More than 100 reports of rape or attempted rape were made by Wigan children last year, shock new figures reveal.
A Freedom of Information request for statistics covering all crimes against under-17s shows that no fewer than 378 allegations of sexual asssault were made by minors in 2015, 96 of them rapes. Particularly appallingly, some of the victims were of pre-school age or even babies.
The new FOI numbers that in 2015 there were 1,639 child victims of crime in the Wigan borough, almost a quarter aged 10 and under. That’s a huge increase from the previous year’s figure of 909.
A total of 24 babies aged one and under were recorded as victims, with four sexual offences against them, including one rape, plus eight assaults and a neglect and cruelty charge.
A total of 50 children aged between two and five were assaulted, while a further 17 were victims of sexual assaults or activity.
Seven rapes were reported and one attempted rape among this age group.
Three children aged two to five had indecent photos taken of them and two were forced to watch sexual activity between adults.
The most common age of victims of all crimes was between 14 and 15, followed by 16-year-olds and 12-year-olds.
Horrifically, the most prolific crimes against all youngsters aged 17 and under were sexual assaults or activity totalling 267 incidents.
But that does not include the 96 alleged rapes and five attempted rapes.
There were 21 acts of making or taking pornographic images recorded and 10 counts of causing a child to watch sexual activity.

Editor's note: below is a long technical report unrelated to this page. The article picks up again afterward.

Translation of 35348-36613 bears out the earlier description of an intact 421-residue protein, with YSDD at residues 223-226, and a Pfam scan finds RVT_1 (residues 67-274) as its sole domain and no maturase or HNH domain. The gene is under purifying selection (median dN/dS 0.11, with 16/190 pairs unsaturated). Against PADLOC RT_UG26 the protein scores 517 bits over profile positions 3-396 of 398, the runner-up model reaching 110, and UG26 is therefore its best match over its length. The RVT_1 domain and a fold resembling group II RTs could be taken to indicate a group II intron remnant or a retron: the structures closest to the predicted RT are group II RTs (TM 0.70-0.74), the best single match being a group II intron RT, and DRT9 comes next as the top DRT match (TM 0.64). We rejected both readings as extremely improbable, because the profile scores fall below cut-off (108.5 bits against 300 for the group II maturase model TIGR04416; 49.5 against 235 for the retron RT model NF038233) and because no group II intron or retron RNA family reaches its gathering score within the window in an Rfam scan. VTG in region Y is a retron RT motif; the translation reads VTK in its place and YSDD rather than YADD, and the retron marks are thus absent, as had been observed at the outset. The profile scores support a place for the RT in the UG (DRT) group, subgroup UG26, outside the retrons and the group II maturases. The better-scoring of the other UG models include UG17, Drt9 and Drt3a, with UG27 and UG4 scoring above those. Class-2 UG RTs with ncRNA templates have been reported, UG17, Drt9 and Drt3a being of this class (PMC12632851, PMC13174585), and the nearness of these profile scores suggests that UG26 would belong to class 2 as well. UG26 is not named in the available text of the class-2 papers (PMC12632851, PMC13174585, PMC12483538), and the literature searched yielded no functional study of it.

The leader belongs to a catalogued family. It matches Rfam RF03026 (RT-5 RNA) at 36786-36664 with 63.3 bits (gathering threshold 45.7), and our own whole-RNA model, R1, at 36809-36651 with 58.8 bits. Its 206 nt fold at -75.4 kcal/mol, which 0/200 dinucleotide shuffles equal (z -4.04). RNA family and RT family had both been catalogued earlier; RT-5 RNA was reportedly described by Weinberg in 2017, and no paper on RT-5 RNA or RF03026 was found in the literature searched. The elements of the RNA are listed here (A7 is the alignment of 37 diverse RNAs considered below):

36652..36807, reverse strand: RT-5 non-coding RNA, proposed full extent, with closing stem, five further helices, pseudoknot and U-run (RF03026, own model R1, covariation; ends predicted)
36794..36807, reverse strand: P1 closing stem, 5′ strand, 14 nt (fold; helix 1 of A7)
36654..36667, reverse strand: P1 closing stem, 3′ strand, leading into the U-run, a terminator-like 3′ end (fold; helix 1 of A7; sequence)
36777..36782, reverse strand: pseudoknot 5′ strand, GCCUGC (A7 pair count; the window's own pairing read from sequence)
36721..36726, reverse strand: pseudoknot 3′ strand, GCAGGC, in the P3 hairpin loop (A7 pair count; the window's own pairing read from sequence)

Five youngsters were subjected to grooming, 10 were the victims of indecent exposure and three were the subjects of voyeurism.
Four youngsters were falsely imprisoned, 58 were victims of cruelty or neglect and 74 reported being harassed.
There were 160 thefts from minors, 61 of which involved bicycles being stolen.
The overall crime figure too is shocking, not least because it has shot up from 909 in 2014 to 1,639 last year.
But a spokesman for Greater Manchester Police said that this sudden increase was due to more people coming forward and stronger police work.
Det Insp Matthew Moore said: “We are dedicated to safeguarding children and take all reports of crimes involving children extremely seriously.
“There are also strong referral procedures in place to prevent their likelihood of becoming a victim themselves.
“The approach taken to investigate the welfare of the child involves working closely with partner agencies, the child and their family to achieve the best outcome for them.
“The increase shows a greater confidence of victims to come forward and report incidents. We have also invested time in training our officers on the correct recording of crimes involving children in accordance with national guidelines.
“We would urge anyone who feels they have been a victim or knows anyone that has been a victim to contact the police on 101.”